Mother Of Bicycle Accident Victim Wants More Empathy For Parents
On Wednesday (13 Apr), 27-year-old Sam Ke Ting was sentenced to six years’ jail in Malaysia for crashing her car into a group of cyclists and causing eight deaths in 2017.
The delayed sentence garnered mixed reactions from Malaysians as the issue of modified bicycles, also known as basikal lajak among Malaysians, came into the spotlight.
Many felt that the teenage cyclists themselves should bear some blame for the accident. And with that, their parents too.
Now that the incident has resurfaced five years later, one of the victim’s mothers, Shabariah, expressed her hope that the public will stop blaming the victims’ parents.
After all, the grief of losing her child is a reality she has to grapple with every day.
Parents of bicycle accident victims heavily criticised by public
Ever since she lost her 16-year-old son Mohamad Azhar in the 2017 accident, Shabariah has had to handle the grief of losing her child and the public’s criticisms.
As a single mother, she was heavily criticised for letting her child go out cycling in the middle of the night. It has been a harrowing ordeal for her.
Although five years have passed since her son passed away, Shabariah still keeps his bed and clothes neatly intact.
She shared with The Star that she would hold his clothes in her hand whenever she missed him.
At one point, her children were so worried about their mum’s mental health that they didn’t let her read anything on the media.
When the Johor Bahru High Court sentenced the driver Sam Ke Ting to jail on 13 Apr, Shabariah said their family could finally heave a sigh of relief.
Shabariah hopes that the public will respect the court’s decision and stop blaming the victim’s parents for the accident.
She felt that these critics do not understand the pain that she, and the other parents, are going through.
Even after five years, she is still trying to accept the reality of losing her child and, with the support of her family, is just starting to move on.
Accident survivor still traumatised by incident
In the 2017 cycling accident, eight teenagers lost their lives. But some were lucky enough to survive the crash.
One of them was then 15-year-old Muhamad Arif Salman, who survived despite sustaining severe injuries to his head, face, arms and legs.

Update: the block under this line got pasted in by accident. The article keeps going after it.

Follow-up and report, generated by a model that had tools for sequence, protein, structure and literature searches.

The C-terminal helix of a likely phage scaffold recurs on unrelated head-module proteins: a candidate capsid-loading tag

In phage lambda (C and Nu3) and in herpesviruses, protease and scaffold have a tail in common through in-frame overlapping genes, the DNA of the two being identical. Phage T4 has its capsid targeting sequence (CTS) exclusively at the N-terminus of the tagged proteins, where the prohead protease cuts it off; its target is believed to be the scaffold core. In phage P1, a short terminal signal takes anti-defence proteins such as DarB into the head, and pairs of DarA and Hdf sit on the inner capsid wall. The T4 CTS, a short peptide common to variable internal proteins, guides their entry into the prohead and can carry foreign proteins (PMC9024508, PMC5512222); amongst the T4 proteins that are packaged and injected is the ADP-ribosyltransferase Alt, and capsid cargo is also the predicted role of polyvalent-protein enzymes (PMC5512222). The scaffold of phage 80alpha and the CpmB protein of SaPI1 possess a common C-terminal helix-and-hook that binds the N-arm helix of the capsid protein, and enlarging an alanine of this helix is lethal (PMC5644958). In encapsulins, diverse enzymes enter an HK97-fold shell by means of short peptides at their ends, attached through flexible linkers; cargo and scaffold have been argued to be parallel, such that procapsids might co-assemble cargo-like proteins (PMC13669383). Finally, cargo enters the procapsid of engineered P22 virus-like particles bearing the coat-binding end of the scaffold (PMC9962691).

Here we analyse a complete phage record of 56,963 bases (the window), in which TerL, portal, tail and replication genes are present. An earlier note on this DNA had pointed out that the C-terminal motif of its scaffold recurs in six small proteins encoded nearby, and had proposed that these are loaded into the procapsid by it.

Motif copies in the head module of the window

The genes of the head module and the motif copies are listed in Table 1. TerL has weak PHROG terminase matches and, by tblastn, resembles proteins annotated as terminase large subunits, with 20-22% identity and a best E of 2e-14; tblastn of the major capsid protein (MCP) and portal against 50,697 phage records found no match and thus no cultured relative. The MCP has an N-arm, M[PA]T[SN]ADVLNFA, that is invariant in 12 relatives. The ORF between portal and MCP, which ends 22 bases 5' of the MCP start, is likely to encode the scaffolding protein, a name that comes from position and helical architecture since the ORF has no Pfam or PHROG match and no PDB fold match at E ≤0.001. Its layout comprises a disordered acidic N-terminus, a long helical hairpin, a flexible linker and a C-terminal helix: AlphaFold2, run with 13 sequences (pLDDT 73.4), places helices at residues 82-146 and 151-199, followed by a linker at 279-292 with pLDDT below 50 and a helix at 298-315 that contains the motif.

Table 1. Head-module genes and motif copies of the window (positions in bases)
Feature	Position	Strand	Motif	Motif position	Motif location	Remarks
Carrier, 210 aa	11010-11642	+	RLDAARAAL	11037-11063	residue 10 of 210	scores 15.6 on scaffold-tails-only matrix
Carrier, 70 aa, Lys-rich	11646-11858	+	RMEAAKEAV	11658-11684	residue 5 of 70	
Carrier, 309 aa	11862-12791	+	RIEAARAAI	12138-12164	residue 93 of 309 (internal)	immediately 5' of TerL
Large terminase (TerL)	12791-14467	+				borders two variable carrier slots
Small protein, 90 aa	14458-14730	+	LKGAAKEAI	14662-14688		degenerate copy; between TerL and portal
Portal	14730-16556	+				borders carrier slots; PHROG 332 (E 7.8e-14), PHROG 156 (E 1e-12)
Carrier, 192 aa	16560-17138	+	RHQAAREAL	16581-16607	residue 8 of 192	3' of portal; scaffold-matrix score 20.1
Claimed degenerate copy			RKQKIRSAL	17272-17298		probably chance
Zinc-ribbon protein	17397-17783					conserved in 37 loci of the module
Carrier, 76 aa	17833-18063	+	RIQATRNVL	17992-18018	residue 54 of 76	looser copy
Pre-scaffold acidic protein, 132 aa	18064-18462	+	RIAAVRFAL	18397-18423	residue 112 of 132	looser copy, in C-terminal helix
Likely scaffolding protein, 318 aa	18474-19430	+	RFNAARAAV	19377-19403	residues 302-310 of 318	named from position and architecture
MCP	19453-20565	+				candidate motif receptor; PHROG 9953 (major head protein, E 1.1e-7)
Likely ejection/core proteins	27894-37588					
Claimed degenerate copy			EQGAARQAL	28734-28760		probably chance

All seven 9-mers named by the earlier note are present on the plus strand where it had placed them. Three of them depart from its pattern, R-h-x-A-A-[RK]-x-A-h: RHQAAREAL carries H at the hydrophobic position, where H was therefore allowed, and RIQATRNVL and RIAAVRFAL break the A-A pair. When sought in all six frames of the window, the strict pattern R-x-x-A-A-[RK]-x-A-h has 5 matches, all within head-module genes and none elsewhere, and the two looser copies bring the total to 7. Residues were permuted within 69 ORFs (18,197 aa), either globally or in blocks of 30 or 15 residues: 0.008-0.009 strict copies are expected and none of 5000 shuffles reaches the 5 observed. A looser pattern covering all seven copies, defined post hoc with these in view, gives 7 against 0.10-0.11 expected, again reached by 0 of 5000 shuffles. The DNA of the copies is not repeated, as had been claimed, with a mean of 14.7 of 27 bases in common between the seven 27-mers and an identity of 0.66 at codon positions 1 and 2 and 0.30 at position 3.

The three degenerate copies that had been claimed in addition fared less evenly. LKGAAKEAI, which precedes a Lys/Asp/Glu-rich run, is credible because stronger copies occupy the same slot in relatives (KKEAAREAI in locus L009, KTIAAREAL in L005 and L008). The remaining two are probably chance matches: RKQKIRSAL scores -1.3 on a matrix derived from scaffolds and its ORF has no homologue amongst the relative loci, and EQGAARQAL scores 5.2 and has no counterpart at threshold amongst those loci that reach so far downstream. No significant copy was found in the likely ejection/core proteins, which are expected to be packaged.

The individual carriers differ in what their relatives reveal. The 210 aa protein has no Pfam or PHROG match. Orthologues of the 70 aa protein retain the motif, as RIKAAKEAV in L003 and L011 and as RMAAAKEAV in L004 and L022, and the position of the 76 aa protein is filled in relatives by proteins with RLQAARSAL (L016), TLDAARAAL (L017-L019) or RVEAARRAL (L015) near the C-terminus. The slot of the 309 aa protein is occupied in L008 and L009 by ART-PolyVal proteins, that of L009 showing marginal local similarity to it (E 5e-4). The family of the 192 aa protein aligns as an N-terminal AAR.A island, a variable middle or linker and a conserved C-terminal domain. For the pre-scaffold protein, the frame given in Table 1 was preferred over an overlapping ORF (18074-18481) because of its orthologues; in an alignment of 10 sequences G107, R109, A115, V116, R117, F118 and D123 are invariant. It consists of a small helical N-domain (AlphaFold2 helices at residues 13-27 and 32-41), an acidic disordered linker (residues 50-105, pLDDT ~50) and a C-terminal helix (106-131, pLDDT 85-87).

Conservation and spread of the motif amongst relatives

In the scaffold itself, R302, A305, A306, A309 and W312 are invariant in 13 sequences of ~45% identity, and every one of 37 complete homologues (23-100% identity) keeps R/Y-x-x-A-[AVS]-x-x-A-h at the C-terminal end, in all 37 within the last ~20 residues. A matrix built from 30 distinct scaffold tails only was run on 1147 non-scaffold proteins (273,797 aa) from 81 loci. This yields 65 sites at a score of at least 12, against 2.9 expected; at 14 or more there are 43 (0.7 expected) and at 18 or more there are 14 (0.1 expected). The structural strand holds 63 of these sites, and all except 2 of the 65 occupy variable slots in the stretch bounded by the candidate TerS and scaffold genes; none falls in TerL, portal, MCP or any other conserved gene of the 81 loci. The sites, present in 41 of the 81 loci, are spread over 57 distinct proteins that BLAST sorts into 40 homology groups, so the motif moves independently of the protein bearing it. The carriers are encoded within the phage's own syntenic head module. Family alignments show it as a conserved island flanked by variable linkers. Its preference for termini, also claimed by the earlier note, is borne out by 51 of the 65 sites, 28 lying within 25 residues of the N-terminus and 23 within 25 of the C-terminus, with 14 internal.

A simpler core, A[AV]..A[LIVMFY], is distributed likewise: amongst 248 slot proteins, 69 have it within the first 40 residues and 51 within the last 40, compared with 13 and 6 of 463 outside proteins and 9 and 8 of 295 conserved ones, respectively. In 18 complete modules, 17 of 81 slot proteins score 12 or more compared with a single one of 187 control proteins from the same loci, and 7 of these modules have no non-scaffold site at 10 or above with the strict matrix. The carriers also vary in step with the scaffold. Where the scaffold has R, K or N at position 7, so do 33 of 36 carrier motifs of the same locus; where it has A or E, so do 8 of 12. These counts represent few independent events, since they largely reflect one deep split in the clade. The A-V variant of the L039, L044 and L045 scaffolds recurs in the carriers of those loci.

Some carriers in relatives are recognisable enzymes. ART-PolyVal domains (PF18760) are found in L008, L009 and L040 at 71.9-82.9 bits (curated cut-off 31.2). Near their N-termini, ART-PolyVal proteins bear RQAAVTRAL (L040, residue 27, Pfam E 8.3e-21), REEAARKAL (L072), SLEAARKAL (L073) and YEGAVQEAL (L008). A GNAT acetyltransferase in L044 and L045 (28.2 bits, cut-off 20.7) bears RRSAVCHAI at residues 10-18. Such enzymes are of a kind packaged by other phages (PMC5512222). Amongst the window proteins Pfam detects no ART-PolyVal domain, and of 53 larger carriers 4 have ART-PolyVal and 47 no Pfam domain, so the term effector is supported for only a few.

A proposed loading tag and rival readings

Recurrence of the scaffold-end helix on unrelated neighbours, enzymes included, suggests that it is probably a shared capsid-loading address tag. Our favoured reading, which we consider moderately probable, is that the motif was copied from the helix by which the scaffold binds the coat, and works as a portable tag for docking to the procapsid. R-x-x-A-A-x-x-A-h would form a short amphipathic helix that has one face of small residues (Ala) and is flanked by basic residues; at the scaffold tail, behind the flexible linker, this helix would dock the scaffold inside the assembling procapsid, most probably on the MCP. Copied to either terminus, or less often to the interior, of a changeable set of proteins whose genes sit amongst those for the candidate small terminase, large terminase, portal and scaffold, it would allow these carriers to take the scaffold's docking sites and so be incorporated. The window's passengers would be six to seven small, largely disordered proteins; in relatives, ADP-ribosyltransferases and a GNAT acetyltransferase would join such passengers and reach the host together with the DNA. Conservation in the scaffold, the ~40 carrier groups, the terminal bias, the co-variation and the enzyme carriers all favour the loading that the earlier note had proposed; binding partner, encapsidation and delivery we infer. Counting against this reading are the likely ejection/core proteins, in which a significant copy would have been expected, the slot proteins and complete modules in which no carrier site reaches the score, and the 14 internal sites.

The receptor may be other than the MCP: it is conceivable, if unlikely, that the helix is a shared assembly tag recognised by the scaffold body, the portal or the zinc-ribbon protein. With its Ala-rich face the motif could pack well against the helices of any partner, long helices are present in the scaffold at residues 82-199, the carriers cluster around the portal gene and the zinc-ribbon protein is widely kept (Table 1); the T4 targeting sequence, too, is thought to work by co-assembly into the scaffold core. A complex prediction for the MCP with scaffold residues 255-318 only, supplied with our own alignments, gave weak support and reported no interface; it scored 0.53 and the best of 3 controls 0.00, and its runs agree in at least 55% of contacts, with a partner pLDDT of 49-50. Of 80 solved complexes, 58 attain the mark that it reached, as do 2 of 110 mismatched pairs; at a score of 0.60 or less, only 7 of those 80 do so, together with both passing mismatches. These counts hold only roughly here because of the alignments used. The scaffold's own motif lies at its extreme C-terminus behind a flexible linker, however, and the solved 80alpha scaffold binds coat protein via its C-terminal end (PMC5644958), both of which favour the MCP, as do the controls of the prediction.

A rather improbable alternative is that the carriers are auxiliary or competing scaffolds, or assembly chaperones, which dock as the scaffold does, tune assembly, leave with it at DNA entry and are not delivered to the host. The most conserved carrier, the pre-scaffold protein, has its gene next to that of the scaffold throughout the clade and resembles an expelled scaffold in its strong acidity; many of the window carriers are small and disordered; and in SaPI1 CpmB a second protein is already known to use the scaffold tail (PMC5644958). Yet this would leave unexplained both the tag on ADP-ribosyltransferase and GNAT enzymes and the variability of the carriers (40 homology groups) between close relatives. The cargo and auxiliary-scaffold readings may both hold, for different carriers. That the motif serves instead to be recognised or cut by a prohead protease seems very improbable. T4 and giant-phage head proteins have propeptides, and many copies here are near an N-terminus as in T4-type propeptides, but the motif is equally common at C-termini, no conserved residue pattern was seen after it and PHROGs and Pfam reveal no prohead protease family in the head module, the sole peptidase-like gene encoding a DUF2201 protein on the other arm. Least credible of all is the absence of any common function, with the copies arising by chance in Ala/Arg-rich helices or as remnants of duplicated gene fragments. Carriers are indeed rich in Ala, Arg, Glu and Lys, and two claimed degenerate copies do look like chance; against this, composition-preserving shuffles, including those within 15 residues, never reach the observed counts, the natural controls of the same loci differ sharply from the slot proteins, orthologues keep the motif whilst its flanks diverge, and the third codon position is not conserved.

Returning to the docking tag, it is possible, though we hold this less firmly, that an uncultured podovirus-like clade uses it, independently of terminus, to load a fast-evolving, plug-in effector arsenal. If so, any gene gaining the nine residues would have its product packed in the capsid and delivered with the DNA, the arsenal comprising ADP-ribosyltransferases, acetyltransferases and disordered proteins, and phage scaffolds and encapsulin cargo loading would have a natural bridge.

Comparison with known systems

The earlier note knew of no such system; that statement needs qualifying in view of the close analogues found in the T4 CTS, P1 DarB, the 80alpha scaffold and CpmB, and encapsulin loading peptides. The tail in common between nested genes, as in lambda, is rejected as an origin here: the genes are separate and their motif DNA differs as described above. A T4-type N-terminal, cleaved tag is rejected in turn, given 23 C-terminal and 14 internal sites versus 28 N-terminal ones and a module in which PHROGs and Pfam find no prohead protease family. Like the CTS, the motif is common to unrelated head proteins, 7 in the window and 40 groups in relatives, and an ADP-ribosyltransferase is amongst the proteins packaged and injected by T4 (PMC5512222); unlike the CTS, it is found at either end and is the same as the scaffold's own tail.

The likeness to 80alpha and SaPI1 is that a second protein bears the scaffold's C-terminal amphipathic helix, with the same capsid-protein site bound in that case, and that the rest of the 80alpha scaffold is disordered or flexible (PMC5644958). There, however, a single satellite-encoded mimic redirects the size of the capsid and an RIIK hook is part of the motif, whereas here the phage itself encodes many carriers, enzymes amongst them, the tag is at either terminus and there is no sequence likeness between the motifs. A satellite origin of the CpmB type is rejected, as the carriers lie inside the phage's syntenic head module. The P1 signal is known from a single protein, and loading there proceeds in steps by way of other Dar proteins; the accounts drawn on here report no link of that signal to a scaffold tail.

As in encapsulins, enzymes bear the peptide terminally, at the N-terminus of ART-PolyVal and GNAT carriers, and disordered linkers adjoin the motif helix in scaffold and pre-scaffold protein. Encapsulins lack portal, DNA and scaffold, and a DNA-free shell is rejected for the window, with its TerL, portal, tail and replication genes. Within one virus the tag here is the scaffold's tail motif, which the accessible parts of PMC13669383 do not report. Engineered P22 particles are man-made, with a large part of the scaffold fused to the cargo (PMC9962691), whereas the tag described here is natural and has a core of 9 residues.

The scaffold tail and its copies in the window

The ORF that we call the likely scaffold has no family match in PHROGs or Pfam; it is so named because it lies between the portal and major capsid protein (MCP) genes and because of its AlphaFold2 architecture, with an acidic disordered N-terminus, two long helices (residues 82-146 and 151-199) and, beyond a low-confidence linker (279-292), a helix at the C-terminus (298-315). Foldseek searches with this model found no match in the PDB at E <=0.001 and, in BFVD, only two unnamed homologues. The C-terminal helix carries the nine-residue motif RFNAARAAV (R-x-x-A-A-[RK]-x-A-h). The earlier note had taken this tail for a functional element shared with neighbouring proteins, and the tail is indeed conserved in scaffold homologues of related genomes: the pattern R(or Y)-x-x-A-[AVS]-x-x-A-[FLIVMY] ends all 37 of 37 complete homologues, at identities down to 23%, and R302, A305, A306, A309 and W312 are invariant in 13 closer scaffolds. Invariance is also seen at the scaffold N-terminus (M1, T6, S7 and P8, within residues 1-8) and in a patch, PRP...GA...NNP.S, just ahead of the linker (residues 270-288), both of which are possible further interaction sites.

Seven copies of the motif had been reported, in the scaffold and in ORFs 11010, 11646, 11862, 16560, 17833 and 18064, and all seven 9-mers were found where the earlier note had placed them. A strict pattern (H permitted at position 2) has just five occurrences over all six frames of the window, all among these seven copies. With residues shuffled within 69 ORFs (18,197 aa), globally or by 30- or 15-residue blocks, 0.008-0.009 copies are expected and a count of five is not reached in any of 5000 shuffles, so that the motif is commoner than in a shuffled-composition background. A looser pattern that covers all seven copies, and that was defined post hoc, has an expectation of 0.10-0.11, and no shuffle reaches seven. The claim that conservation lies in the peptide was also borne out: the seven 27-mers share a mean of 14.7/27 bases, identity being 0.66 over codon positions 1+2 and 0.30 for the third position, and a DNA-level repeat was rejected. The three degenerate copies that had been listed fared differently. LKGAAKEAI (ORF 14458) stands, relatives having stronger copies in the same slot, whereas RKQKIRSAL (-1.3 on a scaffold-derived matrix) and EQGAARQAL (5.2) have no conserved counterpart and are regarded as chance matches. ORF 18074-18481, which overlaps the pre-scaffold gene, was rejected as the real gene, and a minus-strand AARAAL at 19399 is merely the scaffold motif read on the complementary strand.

He had a cracked skull and had to undergo medical procedures and get stitches done from his scalp down to his jaw.
However, his father, Salman Ahmed, said his son has never been the same since. He has become forgetful and emotionally unstable.
Even mentioning the word “basikal”, bicycle in Malay, would trigger him.
Speaking to The Star, Salman Ahmed echoed Shabariah’s sentiments that the past five years had been tormenting due to the negative comments levelled against them.
He elaborated that there were only victims in this tragedy. All parties are to be blamed for the accident, and the past five years have been an ordeal he wants to move on from.
Father hopes to stop use of modified bicycles
These days, 56-year-old Salman Ahmed is on a mission to stop cyclists from using such modified bicycles, reported The Star.
Every time he sees such bicycles on the road, he stops and takes photos of them. He will also threaten to report the riders to the police if they do not go home.
He urged the public to do the same for the riders’ sake.
Modified bicycles in Malaysia have been in the spotlight ever since the incident and has been debated with renewed vigour with Sam Ke Ting’s sentencing.
Parents have since been advised to stop their children from riding or racing on modified bicycles.
According to The Star, the Malaysian Institute of Road Safety Research (Miros) chairman said highways are not built for bicycle racing.
Such extreme bicycle activities should only be done in specially designed parks.
In 2020, Malaysia’s Road Transport Act was also amended to include harsher penalties for modified bicycle street racers, reported Malay Mail.
Hope victims’ families will find closure
The accident in 2017 was undoubtedly a massive tragedy for the families of those involved.
It must have been a terrible blow to the victims’ parents, so we should try to show more empathy and refrain from making judgments.
Hopefully, this will serve as a timely reminder to all riders to be cautious when cycling on the roads, avoid using modified bicycles, and abide by regulations.
Now that the sentence has been passed, we hope the victims and their families will find some closure and be able to move forward with their lives.
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